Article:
Memory lane will one day make fools of us all, but we’re still young so we’re not above having a little fun with the past. After the news was confirmed this week that PSA, which owns Citroen and Opel, among others, is in merger talks with Fiat Chrysler Automobiles (FCA), our minds started spinning off on some very random historically-inspired tangents.
Some of you have already suggested wild ideas like a Pikes Peak Vauxhall Corsa with a Hellcat engine or an Abarth 500 with a gearbox that isn’t total garbage. We’ve brewed some others for your consideration. Take a walk down the back alleys of whimsy with us and let’s see what awesome Franco-Italian-American mash-ups we could hope for.
Platform sharing is one of the key reasons why these players are chasing the merger in the first place. More brands can use the same gear from the same factories, which in turn can run at maximum capacity (and efficiency). Let’s say the suit-wearers decide to carry the sweetly-balanced Alfa Romeo Giorgio platform forward across the new group, sliding crisp new Calvins onto all of its mid-size models.
That would give us potential for a rear-wheel drive Peugeot 508, which, especially as an ‘SW’ estate, is probably the most strikingly handsome mid-size family car on sale today. Alfa also puts a 503bhp V6 into the current Giulia. All of a sudden we catch a strong whiff of something new to rival the AMG C63 estate.
Likelihood: 4/10; front-wheel drive is cheaper to produce.
The last few years (alright, decades) have been a torrid affair for Lancia. The brand, once touched by greatness in just about everything into which it mounted a steering wheel, wasn’t robust enough to live with the unfortunate rust issues of the Beta era. It collapsed in shame, never to build a decent car again. Even now it uses recycled Fiat bits and styling even a mother couldn’t love to make something that’s somehow even worse than you’d fear.
But that could change at long, long last. Look at PSA’s early electric adventures. The e-208 is getting some pretty positive press so far and you could improve the turgid Lancia Ypsilon about 1000 per cent just by putting it on the 208 platform. You’d still need to make it look less like a Daewoo, but with fresh styling and new greasy bits, Lancia could be back in business.
Likelihood: 9/10; all Fiat’s supermini platforms are terrible, so why wouldn’t they?
With some of America’s best V8 engines at a PSA-FCA Group’s disposal, what we’d really love to see is a new VXR8 stuffed with a 6.2-litre supercharged Hemi. Imagine it: all brawn and noise and right-hand drive. It’d be the perfect ragged-edged riposte to the UK/Euro-spec V8 Mustang.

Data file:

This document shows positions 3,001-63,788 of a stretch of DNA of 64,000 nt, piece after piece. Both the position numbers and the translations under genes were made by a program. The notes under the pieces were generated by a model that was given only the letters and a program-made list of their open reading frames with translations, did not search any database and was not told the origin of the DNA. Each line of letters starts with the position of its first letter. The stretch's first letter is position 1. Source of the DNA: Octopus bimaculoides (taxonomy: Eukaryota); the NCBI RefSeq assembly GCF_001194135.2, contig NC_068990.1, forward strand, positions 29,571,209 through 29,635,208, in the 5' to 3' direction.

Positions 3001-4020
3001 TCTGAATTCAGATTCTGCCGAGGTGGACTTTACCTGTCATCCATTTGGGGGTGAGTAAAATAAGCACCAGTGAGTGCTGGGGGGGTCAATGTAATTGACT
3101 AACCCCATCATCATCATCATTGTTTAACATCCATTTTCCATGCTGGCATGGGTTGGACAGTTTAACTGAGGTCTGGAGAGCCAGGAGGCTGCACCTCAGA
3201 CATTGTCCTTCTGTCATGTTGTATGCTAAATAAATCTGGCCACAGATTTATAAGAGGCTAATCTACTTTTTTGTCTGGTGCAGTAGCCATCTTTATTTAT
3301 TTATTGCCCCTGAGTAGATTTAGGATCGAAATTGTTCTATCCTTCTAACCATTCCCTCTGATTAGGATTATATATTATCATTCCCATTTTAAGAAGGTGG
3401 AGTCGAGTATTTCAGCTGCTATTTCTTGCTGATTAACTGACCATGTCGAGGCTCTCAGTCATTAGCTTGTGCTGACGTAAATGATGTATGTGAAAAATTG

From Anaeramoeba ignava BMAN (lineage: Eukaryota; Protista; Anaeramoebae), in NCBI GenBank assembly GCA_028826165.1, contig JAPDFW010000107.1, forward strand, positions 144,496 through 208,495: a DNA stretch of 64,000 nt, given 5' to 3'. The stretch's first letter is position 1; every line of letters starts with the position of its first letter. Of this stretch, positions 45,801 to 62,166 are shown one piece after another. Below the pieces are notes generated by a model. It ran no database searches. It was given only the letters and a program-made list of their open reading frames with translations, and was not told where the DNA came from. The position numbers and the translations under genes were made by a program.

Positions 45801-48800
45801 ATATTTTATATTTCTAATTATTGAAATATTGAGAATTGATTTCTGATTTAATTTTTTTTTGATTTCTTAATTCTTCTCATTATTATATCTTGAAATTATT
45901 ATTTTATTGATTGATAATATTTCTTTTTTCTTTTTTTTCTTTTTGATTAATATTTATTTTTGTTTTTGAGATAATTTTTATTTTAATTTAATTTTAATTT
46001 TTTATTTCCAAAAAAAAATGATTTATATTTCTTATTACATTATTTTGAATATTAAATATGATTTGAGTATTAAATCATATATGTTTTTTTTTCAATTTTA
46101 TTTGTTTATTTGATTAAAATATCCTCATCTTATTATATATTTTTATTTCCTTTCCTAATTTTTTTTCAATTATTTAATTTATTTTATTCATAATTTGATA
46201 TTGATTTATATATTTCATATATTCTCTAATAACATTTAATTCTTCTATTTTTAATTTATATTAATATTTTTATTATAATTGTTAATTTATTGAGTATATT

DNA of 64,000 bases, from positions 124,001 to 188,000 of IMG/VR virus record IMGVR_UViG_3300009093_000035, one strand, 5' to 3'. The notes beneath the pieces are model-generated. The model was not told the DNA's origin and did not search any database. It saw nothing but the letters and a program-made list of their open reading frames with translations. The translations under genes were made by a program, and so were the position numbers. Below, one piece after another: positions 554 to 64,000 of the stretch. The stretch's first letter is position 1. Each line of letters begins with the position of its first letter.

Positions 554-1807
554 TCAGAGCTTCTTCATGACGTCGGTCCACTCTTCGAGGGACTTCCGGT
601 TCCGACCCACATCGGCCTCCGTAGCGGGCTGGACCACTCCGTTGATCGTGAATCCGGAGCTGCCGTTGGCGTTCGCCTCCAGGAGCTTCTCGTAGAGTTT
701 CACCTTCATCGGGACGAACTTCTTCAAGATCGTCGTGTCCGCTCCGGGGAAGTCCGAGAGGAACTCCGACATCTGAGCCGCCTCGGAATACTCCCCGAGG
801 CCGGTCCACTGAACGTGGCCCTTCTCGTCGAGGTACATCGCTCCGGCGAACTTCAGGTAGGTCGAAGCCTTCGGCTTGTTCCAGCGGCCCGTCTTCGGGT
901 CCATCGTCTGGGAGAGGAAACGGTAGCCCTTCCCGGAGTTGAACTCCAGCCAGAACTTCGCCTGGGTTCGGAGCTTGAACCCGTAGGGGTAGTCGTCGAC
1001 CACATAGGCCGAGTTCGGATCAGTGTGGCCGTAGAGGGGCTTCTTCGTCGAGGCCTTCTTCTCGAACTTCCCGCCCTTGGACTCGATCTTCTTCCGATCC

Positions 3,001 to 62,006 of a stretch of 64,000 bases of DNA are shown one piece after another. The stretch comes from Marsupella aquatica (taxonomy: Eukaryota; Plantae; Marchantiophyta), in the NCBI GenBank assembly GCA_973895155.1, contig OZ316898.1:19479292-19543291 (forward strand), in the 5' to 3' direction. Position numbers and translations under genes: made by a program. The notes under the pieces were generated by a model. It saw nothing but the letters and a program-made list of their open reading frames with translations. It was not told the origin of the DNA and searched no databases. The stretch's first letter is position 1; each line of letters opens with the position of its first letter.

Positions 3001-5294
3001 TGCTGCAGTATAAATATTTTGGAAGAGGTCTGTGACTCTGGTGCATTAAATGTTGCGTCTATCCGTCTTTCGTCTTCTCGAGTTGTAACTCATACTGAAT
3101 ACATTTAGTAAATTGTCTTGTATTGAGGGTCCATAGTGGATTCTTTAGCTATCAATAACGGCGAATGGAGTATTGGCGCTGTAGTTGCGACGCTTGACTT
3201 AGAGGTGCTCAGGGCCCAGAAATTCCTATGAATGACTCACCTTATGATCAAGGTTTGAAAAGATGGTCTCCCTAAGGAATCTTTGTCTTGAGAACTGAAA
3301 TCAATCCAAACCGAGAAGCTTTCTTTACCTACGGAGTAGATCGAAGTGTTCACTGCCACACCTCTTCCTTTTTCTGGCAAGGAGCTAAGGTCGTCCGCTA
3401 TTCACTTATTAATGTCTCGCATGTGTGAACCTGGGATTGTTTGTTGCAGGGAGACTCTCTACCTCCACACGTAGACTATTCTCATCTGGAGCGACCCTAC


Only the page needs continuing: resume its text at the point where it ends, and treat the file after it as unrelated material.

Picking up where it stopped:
Surely there’s room in FCA’s factories to produce a few more Challenger and Charger chassis, body them as Vauxhalls and Opels and ship them over to be a glorious halo pony car for Europe? We think so, even though we know it’s about as likely as CT entering a design for next year’s Chelsea Flower Show.
Likelihood: 2/10; we can’t imagine there’s a strong enough business case
The main thing wrong with the otherwise brilliant fun Wrangler, at least from a European perspective, is the engine selection. They’re big, thirsty and not well suited to persuading cash-conscious punters to sign on the dotted line. On the other hand, PSA has quite a good plug-in petrol-electric hybrid system with plenty of low-down torque and the option to run on electricity alone at urban speeds. It’s a little further down the road than the hybrid setup currently being cobbled together for the Wrangler by FCA, and Peugeot’s is designed for European tastes and standards.
Combine the mighty Wrangler and proven hybrid power and, like a dirty great rabbit from a tiny little hat, you get a Wrangler we could fall in love with this side of the Atlantic. A Wrangler that would be cheaper to buy, cheaper to run and measurably more future-proof, at least for the next couple of decades. Why not plumb that desirable Wrangler heritage in a way European faux-by-four buyers can engage with? Also, while we’re at it, let’s have a whole range of PSA engines for it, please; ones that aren’t hamstrung by noise or refinement.
Likelihood: 7/10; this one makes a surprising amount of sense…
Maserati and Citroen used to be under the same umbrella. One of the fruits of that partnership was the epic – in several ways – Citroen SM, which came fitted with a Maserati V6. Citroen had bought Maserati in 1968 and set about raiding its parts bins for an engine to turn ‘Project S’, as they called it, into a true gentleman’s GT.
It already used Citroen’s incredibly comfy hydropneumatic suspension and added class-leading brakes, a vast fuel tank and a silken 174bhp V6 that churned out butter-smooth torque. The SM could sit at 125mph all day long in complete, outrageous comfort. It wasn’t popular with the buying public, sadly, but remaining examples are highly prized today. Imagine what Citroen’s ride engineers and FCA’s powertrain designers could do today.
Likelihood: 3/10; Citroen returning to the luxury saloon game would be a shock